Finally, pain, in general, can make your dog less interested in his food. Any kind of problem that causes pain, even something as relatively simple as a fracture, can put him off his feed.

What happens when your dog stops eating

Dr. Julie Stegeman, DVM, Diplomat American College of Veterinary Internal Medicine of Southern California Veterinary Specialty Hospital tells us what happens to a pet when they stop eating.

Why Is My Dog Not Eating But Drinking Water? 6 Possible Reasons.

puppy next to empty bowl

Sometimes, a loss of appetite in dogs can be attributed to something as simple as a dog not liking his food. According to Board Certified Veterinary Nutritionist, Dr. Dan Su, MS, DVM, DACVIM-Nutrition, dogs who are used to eating one food stage a hunger strike when they are switched to a new food that isn’t as tasty. This often happens when a dog needs prescription food to manage a health condition since many prescription diets aren’t all that tasty.

Aside from preference, there are many other physical and behavioral reasons that can cause a dog not to eat even when water intake is normal. Here are six common reasons why dogs may go on a hunger strike.

1. Dental disease

When a dog stops eating, dental problems are a common culprit. Dental conditions like broken teeth, abscesses, severe gingivitis, and oral tumors can be extremely painful. Dogs don’t always let on when they are hurting, but they might stop eating.

2. Medical issues

According to Su, dogs who experience recurring gastrointestinal issues or pancreatitis (inflammation of the pancreas) might have an on-and-off appetite when the condition flares up.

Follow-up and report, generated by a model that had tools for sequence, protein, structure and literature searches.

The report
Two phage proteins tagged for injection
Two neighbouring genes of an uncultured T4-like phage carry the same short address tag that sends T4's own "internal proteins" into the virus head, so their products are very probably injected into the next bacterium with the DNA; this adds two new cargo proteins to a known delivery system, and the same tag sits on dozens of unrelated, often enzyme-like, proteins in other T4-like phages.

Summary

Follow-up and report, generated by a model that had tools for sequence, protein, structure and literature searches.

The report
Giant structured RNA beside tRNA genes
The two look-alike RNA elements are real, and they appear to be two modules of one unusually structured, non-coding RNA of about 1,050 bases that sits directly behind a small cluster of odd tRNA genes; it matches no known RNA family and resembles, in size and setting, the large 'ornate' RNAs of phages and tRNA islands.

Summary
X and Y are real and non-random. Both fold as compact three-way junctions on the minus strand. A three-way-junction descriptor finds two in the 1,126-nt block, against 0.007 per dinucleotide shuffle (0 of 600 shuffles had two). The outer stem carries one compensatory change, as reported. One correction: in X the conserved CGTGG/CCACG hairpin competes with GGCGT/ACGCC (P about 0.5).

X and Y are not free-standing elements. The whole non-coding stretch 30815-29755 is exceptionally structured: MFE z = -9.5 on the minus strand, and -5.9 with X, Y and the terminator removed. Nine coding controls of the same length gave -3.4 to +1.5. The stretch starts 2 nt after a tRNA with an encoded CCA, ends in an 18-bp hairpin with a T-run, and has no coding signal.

If your dog seems to be drinking an excessive amount of water, other conditions like Cushing’s or Addison’s disease could be the culprit. Drinking a lot of water is one thing, but inhaling it all at once several times a day could be something more serious. If emptying the water bowl is accompanied by an abnormal amount of peeing, take your dog to the veterinarian for testing.

“Any disease in the early stage that isn’t presenting with very obvious clinical signs can cause a decrease in appetite,” says Su. That’s why it’s so important to take your dog’s loss of appetite seriously. It could be the key to diagnosing an underlying cause early, which could lead to a better outcome.

3. Reinforced behaviors

It’s not uncommon for a dog to prefer one food to another. After all, you probably have a favorite meal or food, too. But that probably never stopped your parents from insisting that you eat your vegetables.

Try not to overreact and jump into problem-solving mode whenever your dog seems a little disinterested in dinner. What starts out as a minor preference can easily develop into a lifetime of chronic picky eating when a pet parent reinforces the behavior. If your dog refuses to eat and you respond with a tastier option, they’ll soon learn that a hunger strike is the best way to an upgraded meal ticket.

4. Side effects